Sinful Anger versus Righteous Anger

How should we think about this anger? The Bible makes clear that anger is sinful much of the time. This is for at least two reasons.

1. Sometimes our anger is sinful because of the reason we get angry.  We get angry because of our pride and our sense of entitlement. For example, I might experience road rage in a traffic jam, thinking my time is more important than everyone else’s. Being angry at the things in the first list would be a good indication that my anger is sinful anger.

2. Sometimes our anger leads us to other sins. Our anger can lead to violence, to verbal abuse, to impatience, to hate, etc.

But the Bible is also clear that not all anger is sinful. Ephesians 4:26 says – “In your anger, do not sin.” So we know that is possible to be angry, but then not sin in that anger. We see that God gets angry yet God does not sin. If God did not get angry at sin, he would be an unjust God. His anger is righteous anger. We can see God’s wrath, or Jesus’ anger in just about every book of the Bible. It is right to get angry at sin and injustice. In fact, one could argue that if we are apathetic, if we do not get angry when we see injustice, that we are sinning.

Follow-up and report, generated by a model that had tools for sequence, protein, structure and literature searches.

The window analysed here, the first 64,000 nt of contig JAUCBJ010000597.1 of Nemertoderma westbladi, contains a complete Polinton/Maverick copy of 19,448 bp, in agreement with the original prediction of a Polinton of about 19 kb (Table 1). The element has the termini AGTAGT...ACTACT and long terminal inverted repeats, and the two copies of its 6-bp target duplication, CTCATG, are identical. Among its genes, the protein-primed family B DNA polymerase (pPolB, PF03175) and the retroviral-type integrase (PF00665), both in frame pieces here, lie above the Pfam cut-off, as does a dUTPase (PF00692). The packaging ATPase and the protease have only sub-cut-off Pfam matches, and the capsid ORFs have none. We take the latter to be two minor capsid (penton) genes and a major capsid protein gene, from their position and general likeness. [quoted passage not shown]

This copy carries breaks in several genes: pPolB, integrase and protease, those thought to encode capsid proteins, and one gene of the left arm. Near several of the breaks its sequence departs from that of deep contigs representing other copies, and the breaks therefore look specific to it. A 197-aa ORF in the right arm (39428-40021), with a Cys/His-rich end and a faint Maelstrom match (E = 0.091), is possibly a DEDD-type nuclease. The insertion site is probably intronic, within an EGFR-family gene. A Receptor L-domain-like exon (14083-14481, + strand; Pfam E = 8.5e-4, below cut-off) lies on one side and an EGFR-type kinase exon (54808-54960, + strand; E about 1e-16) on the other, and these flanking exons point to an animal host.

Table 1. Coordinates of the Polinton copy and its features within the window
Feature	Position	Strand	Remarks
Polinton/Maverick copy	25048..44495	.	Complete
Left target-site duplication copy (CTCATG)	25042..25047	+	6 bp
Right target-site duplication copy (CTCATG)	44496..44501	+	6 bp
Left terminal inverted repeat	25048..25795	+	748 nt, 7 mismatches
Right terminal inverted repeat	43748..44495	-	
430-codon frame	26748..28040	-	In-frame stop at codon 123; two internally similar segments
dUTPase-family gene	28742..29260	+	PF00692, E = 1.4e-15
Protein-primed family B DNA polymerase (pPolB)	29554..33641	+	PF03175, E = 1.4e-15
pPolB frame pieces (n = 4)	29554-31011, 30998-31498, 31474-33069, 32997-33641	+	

Here are some Bible passages that I resonate with concerning righteous anger:

Psalm 119:36 – Streams of tears flow from my eyes, for your law is not obeyed.

Psalm 119:53 – Indignation grips me because of the wicked, who have forsaken your law.

See also Nehemiah 5:1-8, Mark 3:5, and 2 Peter 2:7-8.

 

Dealing with my Road Rage

Is my road rage sinful anger or is it righteous anger?  I think the answer is “yes” to both.  Sometimes it is righteous anger, and sometimes it is sinful anger, but it is usually a mixture of both. Sometimes I am truly angry at injustice, just as God is angry at injustice, and I want to use that passion, energy, and anger to try to make a change in the society.